The Resource Conservation and Recovery Act (RCRA) was written by legislators — and it shows. While the act outlines endless “don’ts,” it can be difficult to determine how you should handle pharmaceutical waste. Fortunately, you’ve come to the right place. Here’s how to dispose of pharmaceutical waste.
1. All Pharmaceutical Waste Isn’t Created Equal
Hazardous (RCRA), non-hazardous, trace chemotherapy and controlled substances — it all has to be handled separately and properly according to its classification. It’s also subject to the rules of a number of regulatory agencies. Some (but not all) pharmaceutical waste must be treated as hazardous waste and handled accordingly.
2. Biohazardous Waste and Pharmaceutical Waste Must Be Treated Differently
Some assume that treating pharmaceutical waste as biohazardous waste is the appropriate thing to do, but that’s not the case. Biohazardous waste is sterilized to remove the infectious potential and then delivered to a landfill for final disposal. When you dispose of pharmaceutical waste with biohazardous waste, it will ultimately end up in a landfill and seep into our water supply (or end up in surface water). Because of this, pharma waste needs to be segregated properly and treated by incineration. This breaks down the complex chemicals to render them safe.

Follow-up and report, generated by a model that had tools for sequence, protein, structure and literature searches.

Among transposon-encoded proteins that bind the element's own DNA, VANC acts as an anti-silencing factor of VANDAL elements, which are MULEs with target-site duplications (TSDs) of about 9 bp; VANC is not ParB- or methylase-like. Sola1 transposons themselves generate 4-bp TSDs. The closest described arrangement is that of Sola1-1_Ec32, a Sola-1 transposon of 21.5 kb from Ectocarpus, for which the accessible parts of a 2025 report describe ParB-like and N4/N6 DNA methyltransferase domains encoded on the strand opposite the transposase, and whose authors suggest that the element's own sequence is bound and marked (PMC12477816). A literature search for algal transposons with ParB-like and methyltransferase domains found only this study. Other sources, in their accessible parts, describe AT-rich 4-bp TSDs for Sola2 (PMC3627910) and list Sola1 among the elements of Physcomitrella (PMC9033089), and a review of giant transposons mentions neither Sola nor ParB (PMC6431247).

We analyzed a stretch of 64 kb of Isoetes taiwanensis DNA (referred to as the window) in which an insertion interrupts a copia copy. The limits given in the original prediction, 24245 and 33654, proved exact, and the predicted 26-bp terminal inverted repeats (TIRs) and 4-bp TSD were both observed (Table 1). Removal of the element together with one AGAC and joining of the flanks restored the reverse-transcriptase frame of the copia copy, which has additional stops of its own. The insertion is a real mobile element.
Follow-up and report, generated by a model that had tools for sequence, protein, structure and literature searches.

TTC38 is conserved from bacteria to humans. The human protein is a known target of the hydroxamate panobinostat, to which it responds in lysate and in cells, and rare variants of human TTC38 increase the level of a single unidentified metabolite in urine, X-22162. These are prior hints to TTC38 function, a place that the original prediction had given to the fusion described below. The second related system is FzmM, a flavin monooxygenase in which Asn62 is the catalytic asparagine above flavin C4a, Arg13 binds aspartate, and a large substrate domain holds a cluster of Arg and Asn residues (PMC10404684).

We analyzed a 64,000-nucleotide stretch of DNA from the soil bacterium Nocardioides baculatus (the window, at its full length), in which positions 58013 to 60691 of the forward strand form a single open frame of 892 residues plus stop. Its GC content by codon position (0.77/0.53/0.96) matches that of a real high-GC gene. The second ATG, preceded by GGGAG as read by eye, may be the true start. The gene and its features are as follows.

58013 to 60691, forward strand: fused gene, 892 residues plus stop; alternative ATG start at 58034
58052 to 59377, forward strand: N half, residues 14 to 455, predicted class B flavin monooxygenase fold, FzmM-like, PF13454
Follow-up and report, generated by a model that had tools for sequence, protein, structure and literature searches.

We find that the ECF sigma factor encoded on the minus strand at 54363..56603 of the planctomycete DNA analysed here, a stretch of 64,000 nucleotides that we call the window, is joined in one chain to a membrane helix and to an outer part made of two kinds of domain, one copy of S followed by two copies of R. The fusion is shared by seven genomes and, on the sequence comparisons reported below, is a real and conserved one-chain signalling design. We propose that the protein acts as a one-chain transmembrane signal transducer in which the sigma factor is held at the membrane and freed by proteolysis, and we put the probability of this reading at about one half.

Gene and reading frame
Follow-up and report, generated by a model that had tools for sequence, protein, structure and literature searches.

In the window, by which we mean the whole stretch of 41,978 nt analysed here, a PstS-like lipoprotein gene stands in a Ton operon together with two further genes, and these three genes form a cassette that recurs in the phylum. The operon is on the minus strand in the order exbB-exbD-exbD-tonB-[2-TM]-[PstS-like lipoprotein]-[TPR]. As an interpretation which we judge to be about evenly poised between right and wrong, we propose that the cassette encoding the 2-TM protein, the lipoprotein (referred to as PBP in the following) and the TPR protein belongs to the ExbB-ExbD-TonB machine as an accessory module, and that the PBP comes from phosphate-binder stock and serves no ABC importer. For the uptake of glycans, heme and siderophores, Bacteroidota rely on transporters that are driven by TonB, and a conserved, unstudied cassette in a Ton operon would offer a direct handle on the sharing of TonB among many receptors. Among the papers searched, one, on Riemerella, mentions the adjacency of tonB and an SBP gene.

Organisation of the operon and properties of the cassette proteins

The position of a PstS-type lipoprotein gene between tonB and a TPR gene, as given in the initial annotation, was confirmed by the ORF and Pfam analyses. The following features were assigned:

3. Fines Aren’t the Only Thing to Worry About
Regulatory angencies often publicize waste disposal violators, so be sure to consider how negative headlines could harm your business when deciding how to dispose of pharmaceutical waste.
4. Chemotherapy Waste Must Be Kept Separate and Treated Appropriately
Chemotherapy waste must be segregated and disposed of separately from biohazardous waste and pharmaceutical waste in specific containers. Miscategorizing it is not only against Arizona regulations, but ADEQ requires chemotherapy waste to be incinerated or disposed of at either an approved solid waste or hazardous waste disposal facility.
5. Disposal of Controlled Substances Must Meet the Stringent Requirements of the DEA
The United States Drug Enforcement Agency requires that all expired and/or unused controlled substances be returned to the manufacturer or destroyed at a DEA/EPA-licensed incinerator. Both processes require using a DEA-licensed reverse distributor to transport the pharmaceuticals and file the required paperwork.
Save Yourself from Regulatory Headaches
Proper pharmaceutical waste disposal is complex, and there’s a ton of bad information out there. Working with an experienced pharmaceutical waste disposal company like US Bio-Clean can keep your business in compliance with federal and state regulations, and out of hot water with the ADEQ, EPA, USDOT and the DEA.